22 Oct Foothills Trail
The Foothills Trail extends 77 miles as it crosses the highest point in South Carolina and crosses numerous rivers and creeks along its course from Table Rock Mountain State Park to Oconee State Park. Along the way, backpackers see a number of waterfalls including two of the highest east of the Mississippi. There are many opportunities to swim and fish in Lake Jocassee and a variety of frigid rivers and creeks. Many of the improved campsites have signage, benches, and fire pits. Here I describe my 5-day thru-hike of the Foothills Trail over 72 miles from Table Rock Mountain State Park to roadside parking at Jumping Branch Trailhead.
October 6th, 2020. Hiked 13.2 miles.
Sometime after 11 AM, my shuttle driver “Taz” dropped me off at Table Rock Mountain State Park and pointed in the direction of the trail. Taz is one of several people that the Foothills Trail Org lists as volunteer shuttle drivers on their website. Since South Carolina doesn’t offer long-term parking at their State Parks, I decided to leave my car at the first roadside parking short of Oconee State Park. South Carolina should take a clue from Georgia which offers “long-term parking” for multi-day hikers starting from Amicalola State Park. For a one time $6 fee hikers of on the Appalachian Trail can park at Amicalola using a hidden away gravel parking lot.
Taz and others in the area are very dedicated to the Foothills Trail. On the ride to Table Rock, he took time to show me a number of trail crossings. Taz was very recognizable with his red pickup truck, his orange hunting blazer and his Tasmanian Devil tie. As I later learned, he seemed to be constantly roaming the roads and trail crossings between Table Rock and Oconee, dropping off and picking up people and food caches. Thanks Taz for the lift!
Notice the blue foam in the photo above. I also carried a NeoAir mattress. My idea was to get me off the ground some in case I had water running under my tarp.
After 4 miles of climbing, I finally topped out near where a yellow-blazed side trail leads 0.2 mile to the top of Pinnacle Peak (elev. 3425 feet). Since there is no view from the top, I chose not to take this steep side trail.
At 8.6 miles is one of the nicest campsite on the Foothills trail. The Cantrell campsite has a small stream and an impressive fire ring surrounded by Adirondack chairs. If traveling with a group, this spot is worthy of a relaxing campfire night.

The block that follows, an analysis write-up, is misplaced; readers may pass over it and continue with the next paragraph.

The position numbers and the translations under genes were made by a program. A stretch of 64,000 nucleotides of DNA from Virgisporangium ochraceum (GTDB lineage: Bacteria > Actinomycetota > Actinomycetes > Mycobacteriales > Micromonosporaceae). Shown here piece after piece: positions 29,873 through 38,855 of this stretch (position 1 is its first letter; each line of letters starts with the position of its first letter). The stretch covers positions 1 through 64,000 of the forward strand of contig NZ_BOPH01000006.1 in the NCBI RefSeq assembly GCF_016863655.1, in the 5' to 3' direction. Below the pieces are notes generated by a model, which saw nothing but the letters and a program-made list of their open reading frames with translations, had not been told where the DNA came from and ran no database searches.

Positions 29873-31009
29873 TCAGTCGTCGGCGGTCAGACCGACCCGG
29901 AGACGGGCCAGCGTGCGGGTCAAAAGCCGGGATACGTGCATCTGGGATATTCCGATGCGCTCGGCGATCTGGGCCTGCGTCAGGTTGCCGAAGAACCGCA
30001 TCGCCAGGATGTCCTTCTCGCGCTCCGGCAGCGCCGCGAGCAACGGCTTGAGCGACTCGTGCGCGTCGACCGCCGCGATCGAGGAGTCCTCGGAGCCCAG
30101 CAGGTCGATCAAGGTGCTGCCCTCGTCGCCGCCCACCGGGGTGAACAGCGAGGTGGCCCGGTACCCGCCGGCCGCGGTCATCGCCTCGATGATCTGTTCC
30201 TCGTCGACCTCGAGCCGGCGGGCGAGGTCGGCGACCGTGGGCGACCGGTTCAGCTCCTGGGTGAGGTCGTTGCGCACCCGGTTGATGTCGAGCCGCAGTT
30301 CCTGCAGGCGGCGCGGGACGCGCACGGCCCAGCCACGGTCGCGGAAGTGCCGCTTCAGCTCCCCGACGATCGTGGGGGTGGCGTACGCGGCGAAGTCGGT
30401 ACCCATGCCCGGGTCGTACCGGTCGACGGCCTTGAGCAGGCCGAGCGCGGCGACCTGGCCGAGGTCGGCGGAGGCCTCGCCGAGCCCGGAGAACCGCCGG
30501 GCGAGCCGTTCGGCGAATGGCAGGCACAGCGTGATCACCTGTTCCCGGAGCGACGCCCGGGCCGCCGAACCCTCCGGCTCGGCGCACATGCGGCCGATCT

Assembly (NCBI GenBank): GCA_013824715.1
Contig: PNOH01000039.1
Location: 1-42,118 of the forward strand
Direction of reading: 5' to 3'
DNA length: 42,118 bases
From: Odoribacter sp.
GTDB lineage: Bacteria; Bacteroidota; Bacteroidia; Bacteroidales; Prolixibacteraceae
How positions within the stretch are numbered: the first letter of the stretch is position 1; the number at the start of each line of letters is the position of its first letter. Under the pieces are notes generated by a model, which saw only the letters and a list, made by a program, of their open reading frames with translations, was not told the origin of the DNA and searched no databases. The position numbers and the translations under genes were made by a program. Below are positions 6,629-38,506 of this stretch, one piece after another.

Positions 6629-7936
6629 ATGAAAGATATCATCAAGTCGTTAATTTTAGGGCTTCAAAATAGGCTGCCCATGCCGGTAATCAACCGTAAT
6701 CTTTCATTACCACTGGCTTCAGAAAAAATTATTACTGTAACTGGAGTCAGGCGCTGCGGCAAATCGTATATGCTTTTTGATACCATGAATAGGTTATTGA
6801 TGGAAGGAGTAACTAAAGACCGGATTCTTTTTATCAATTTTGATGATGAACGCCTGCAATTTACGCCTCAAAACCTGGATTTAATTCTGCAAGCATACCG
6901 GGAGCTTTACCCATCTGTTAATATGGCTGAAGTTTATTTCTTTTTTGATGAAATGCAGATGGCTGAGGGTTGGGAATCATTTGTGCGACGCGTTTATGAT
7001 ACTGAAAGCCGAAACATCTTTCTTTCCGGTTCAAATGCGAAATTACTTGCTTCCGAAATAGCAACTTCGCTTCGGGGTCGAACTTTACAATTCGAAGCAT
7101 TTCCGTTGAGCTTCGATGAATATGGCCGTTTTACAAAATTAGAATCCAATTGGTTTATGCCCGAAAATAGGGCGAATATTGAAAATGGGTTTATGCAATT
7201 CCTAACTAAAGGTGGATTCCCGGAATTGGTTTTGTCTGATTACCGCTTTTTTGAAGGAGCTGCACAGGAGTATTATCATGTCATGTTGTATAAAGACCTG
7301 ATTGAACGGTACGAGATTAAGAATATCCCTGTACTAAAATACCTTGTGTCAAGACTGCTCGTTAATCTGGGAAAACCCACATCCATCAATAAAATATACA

At 9.8 miles, I crossed the peak of Sassafras Mountain (elev. 3560 feet). This is the highest point in South Carolina. Did you know that the highest peaks in South Carolina, Tennessee, and North Carolina are in North Carolina? Those are Sassafras Mountain, Clingmans Dome, and Mt. Mitchell. The first two share state lines. The highest point in Virginia, Mt. Rogers, is only 5.25 miles from the North Carolina state line and the highest point in Georgia, Brasstown Bald, is only 7.8 miles from North Carolina.
After 13.2 miles and a lot of climbing with my fully loaded backpack, I was glad to call it a day. I camped at Chimney Top Campsite. Although I regularly met other Foothills Trail thru-hikers coming from the other direction, over my 4 nights, I never shared a campsite.
October 7th. Hiked 14.5 miles.
Several other hikers coming from the other direction advised me not to take the trail closure detour around Virginia Hawkins waterfall. This was good advice. The detour was due to a broken bridge; however the creek was small and easily crossed over rocks without getting my feet wet. In my mind, it was laughable to detour a trail around such an easily crossed creek. I couldn’t help but make a comparison with Wright Creek in the Sierra in June 2019. No closures or detours there. Only prayers.